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Thursday, October 24, 2013

Building resilience around the world

There’s a global movement of resilience happening, but it’s far from complete.

Since 1990, the rate of hunger in the world has fallen by 33%, according to the Global Hunger Index (GHI).

In all, 23 countries have managed to reduce their GHI scores by 50%; a laudable accomplishment!

Bangladesh, Cambodia, and Ethiopia – places where HOPE International Development Agency has worked for decades – rank among the “Ten Most Improved Countries”.

Other countries, such as Burundi, in Africa, have not yet been able to make substantive gains in reducing hunger - Burundi is ranked among 19 countries that have “alarming” or “extremely alarming” rates of hunger. HOPE International Development Agency has recently begun working in Burundi, helping families gain access to clean water.

Despite significant improvements, more than 870 million people are still going hungry worldwide.

These are the men, women, and children who wake up hungry every day. They don’t know if there will be food or not. These are the women who walk miles to fetch unclean drinking water that destroys their health and that of their children. These are the men who labor until their hands are raw – all for wages so meager, they can’t even buy the most basic of items.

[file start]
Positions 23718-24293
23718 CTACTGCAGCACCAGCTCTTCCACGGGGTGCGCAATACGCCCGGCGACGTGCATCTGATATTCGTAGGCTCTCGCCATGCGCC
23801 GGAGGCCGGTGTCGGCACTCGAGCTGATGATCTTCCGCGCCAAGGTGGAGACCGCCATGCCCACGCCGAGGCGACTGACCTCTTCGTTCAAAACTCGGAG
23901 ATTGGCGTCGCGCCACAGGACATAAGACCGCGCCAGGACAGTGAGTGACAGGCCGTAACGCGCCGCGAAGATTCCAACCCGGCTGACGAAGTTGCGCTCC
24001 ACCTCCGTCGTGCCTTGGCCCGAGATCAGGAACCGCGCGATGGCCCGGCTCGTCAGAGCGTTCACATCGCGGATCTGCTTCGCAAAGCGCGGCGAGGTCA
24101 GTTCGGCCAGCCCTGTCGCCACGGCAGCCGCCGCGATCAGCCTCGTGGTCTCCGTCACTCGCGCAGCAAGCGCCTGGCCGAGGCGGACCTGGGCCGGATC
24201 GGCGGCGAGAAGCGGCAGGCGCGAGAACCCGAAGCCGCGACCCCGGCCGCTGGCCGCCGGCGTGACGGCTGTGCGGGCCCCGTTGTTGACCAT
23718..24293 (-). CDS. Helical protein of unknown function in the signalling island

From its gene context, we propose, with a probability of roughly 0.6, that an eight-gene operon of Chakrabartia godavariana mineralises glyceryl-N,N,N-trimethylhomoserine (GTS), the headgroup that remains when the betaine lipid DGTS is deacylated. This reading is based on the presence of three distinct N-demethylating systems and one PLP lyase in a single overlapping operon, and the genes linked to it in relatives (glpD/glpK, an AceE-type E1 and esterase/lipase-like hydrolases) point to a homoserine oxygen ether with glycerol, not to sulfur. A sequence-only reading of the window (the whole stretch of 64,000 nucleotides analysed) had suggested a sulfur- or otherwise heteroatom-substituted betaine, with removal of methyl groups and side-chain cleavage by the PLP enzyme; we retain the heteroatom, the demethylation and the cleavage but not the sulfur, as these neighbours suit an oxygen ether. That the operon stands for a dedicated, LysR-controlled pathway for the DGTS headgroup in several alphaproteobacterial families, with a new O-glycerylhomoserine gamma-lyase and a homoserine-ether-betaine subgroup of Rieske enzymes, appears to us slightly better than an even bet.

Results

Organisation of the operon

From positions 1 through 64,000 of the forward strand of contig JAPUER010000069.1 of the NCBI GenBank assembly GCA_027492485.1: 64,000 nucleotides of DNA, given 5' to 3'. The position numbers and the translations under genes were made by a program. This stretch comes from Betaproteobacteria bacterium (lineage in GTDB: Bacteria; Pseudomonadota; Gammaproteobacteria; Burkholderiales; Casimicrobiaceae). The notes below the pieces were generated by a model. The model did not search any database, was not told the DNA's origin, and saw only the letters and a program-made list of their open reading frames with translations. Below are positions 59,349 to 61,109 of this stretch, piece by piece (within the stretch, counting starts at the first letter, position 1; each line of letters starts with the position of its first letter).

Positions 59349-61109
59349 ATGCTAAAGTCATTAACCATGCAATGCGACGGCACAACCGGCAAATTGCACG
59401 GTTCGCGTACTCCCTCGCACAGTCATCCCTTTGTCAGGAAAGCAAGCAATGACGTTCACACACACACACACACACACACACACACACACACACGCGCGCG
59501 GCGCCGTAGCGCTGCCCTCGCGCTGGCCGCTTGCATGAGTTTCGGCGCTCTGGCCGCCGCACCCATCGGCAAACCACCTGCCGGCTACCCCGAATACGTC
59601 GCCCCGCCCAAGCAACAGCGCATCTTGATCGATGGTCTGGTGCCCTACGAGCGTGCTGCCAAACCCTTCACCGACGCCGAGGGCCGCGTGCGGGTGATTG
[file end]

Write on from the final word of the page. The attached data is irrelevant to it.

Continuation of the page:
To overcome this, we focus on building resilience within communities. This means understanding the root issues, and working hard to bring people together to fight poverty as a group rather than alone. 

A resilient community doesn’t crumble when drought occurs or when there’s a food shortage. It overcomes these shocks, and keeps itself out of poverty. This is what HOPE International Development Agency’s focus is when we work with communities.

We are committed to building resilience around the world.

Building resilience among people enables them to pull themselves out of poverty and remain out of poverty. And being resilient means that a community works together to overcome poverty.

When people come together in this way, they shine and come alive. They begin creating positive changes in their communities such as creating co-ops, constructing water systems that provide ample supplies of clean water, learning skills that result in more income, and sending their children to school.

We are so privileged to be a part of this transformation. Communities whose futures once felt hopeless are now bright and resilient. Families are excited about the possibilities that lay ahead, and they feel whole once again.

We are committed to always being a part of this change.